Living in a free land that treats me equally and gives me the right to make my choices—that’s why I am here in the USA. I am a 30-year-old female-to-male transgender Iraqi, born and raised in Baghdad. In 2013, I arrived in the United States as a refugee from Lebanon, where I was waiting on UNHCR’s decision for my resettlement case. As a transgender refugee, my case moved much more quickly than many others — I waited for nine months, but many people wait for several years.
I lived my whole life in low profile in my home country, because I was transgender in a war zone that was ranked as one of the most dangerous places to live as an LGBTI individual. After a March 2012 brutal campaign of attacks and killings of LGBTI individuals, fear and hope led me to seek help through the International Refugee Assistance Project, which studied and helped my case, and UNHCR, who guided me into a safe place to live in the United States.
Living as a transgender refugee comes with many challenges. The biggest challenge is where to start and how to pick up your life from where you left it in a totally different world where everything looks new. In my new home I finally started the female-to-male transition to live as the man I have always been from the inside.
For me, it was never an easy step to leave everything behind to be a refugee walking toward the unknown future, but the situation in my home country forced me to leave with tears in my eyes. On the other hand, I feel blessed to be here in the USA. In this country, everybody is equal and if you work hard you can achieve your dreams. There is something here I have never experienced before, which is the rule of law.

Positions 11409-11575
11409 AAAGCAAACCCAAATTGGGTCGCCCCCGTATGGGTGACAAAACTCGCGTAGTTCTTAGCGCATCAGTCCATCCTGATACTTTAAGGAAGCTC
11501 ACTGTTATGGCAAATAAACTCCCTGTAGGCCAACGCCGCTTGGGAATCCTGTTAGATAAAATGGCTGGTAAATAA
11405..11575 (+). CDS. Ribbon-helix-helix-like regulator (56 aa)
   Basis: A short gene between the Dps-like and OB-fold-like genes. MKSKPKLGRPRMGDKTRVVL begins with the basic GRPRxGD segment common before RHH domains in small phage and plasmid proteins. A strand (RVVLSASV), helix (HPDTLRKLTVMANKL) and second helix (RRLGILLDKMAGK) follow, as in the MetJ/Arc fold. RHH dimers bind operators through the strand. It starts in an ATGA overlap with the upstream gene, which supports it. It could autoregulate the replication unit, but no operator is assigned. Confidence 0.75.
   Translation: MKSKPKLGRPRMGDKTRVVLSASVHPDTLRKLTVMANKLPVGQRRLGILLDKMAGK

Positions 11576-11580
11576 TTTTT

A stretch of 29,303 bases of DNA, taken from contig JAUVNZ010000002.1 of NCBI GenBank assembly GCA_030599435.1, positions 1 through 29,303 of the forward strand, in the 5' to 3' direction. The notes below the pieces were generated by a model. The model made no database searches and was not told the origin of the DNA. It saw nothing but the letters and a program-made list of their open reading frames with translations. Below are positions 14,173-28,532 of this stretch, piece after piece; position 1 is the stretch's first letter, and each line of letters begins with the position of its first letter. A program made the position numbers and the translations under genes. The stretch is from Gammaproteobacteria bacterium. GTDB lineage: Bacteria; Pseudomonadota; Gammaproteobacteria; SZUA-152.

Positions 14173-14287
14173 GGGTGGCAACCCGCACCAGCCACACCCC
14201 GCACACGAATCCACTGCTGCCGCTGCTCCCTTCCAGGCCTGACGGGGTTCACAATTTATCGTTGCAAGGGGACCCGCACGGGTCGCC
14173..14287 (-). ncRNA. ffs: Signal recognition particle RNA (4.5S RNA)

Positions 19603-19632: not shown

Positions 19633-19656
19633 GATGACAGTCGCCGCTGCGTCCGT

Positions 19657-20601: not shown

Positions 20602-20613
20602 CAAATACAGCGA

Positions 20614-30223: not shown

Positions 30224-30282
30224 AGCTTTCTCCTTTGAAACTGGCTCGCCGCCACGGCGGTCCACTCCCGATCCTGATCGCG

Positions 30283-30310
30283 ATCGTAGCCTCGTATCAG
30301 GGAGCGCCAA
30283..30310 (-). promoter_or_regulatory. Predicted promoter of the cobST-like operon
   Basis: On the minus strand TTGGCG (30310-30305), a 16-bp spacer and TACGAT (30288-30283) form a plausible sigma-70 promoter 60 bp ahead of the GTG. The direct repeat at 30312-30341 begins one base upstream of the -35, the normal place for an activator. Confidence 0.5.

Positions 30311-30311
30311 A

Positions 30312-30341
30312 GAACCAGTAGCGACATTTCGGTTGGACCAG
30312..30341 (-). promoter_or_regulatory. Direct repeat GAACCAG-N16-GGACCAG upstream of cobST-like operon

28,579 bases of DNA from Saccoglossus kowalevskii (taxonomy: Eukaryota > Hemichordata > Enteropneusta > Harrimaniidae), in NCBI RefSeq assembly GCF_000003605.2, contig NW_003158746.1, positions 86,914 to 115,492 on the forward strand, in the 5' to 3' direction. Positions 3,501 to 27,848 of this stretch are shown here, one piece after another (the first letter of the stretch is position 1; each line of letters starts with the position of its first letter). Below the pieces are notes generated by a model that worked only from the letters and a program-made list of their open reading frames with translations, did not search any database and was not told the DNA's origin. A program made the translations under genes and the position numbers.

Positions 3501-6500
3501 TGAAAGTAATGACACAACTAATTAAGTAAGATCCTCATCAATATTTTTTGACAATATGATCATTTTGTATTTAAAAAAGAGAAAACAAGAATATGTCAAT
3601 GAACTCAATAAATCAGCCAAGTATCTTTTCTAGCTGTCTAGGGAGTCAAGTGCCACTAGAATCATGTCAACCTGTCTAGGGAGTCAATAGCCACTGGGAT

As a Muslim, my first reflection is that this nation accepts everybody with an open heart. I did not feel I was an outcast because everybody here represents a different background and people of all backgrounds join together in loving this county. As a refugee, I feel welcomed by the people I meet, and I have been treated with respect because so many people here were refugees once.
In the few years that I have lived here, I have been able to live as a man, marry the woman I love, continue my studies, work as an IT specialist and volunteer for refugee causes in my state.
Unfortunately, most media here show only the bad side of a few individuals, and I view it as my role to reflect the real image of a Muslim refugee. However, this is a big responsibility to represent my home country, reflect my religion, and show people that refugees are hardworking people. I feel so proud to represent the refugees, simply because I had lived a very hard life in Iraq and this has made me very strong. I appreciate all the little things I have now.
I feel so blessed to be in this land, and it is my job now to return the favor, and be a productive citizen who helps to build this nation and reflect the American spirit and values to the whole world.
Ali Alwan (name changed for privacy), lives with his wife in the Northeastern United States. He works in information technology and serves as an advocate for LGBTI communities and refugee resettlement.